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    Food Allergies Linked to Asthma Risk

    Study Also Shows Children Are at Greater Risk for Food Allergies Than Adults
    By
    WebMD Health News
    Reviewed by Laura J. Martin, MD

    Oct. 20, 2010 -- About three of every 100 people in the U.S. have at least one food allergy, and the presence of a food allergy may raise their risk of asthma, a study shows.

    The study, which appears in the October issue of Journal of Allergy and Clinical Immunology, is the largest to offer a national snapshot of food allergy prevalence.

    Children are at greater risk for food allergy than adults, and black male children are particularly at risk, the study shows.

    "This gives us a good perspective, and the prevalence number is pretty solid," says study researcher Andy Liu, MD, an allergist at National Jewish Health in Denver.

    Food allergies are on most everyone's radar screen these days with growing numbers of schools calling themselves "peanut-aware" or "peanut-free" and parents routinely asked to provide information on their child's food allergies.

    Food Allergies on the Rise?

    Researchers are not sure if there has been an actual rise in food allergies because they lack background data.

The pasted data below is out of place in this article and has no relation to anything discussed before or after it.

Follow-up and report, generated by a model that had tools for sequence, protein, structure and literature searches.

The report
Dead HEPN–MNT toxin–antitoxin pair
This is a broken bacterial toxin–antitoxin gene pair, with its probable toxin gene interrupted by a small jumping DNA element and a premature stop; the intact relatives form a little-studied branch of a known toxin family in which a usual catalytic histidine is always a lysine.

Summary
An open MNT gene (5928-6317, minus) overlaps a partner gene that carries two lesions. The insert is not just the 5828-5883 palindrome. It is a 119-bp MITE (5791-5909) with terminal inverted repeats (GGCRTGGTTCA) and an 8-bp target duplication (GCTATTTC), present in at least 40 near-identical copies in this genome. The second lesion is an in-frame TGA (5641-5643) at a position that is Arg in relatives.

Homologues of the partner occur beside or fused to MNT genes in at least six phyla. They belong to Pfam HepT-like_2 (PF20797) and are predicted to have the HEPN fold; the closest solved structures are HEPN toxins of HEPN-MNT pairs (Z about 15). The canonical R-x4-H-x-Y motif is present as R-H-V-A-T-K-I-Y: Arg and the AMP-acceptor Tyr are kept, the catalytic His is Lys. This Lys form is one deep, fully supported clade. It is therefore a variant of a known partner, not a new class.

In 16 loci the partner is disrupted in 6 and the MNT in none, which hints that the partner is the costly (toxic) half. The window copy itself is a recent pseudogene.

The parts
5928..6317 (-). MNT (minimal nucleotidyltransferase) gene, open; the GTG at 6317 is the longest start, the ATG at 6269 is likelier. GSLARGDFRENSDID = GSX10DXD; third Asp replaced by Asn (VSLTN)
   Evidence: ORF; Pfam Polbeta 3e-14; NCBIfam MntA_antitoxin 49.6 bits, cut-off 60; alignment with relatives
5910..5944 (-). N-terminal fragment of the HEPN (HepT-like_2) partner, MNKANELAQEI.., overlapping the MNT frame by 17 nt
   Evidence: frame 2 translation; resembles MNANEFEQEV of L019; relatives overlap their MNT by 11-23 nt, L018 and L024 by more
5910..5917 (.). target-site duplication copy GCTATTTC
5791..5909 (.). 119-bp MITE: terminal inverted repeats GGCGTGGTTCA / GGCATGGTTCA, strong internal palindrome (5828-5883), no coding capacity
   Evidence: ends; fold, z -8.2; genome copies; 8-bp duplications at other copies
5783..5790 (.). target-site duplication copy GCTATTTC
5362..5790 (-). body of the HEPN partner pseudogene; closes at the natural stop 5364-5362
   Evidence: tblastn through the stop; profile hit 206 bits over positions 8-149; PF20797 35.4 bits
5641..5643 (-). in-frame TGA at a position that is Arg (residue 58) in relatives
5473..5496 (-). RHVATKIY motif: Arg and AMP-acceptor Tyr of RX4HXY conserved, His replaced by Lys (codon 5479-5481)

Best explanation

"There has been some suggestion that the rate of food allergy has been increasing, and it may be," Liu says. "There is certainly more awareness. And many of us, when think back to when we were in school, we didn't hear about food allergy."

    Liu tells WebMD that when he was charged with bringing in snacks for his son's kindergarten class, he was stunned to learn that six of 28 kids had registered food allergies.

    "Schools have moved to a position where they are taking food allergy seriously," he says. "Families were treated as pariahs before and were told to look for other school options if they had children with food allergies."

    Researchers analyzed data on 8,203 people, ranging in age from 1 to older than 60, who completed the National Health and Nutrition Examination Survey in 2005-2006. Participants also had blood tests to confirm the presence of four food allergies: peanut, milk, egg, and shrimp. Among people with food allergy, 1.3% were allergic to peanuts, 0.4% were allergic to milk, 0.2% had and egg allergy, and 1% were allergic to shrimp, the study shows.

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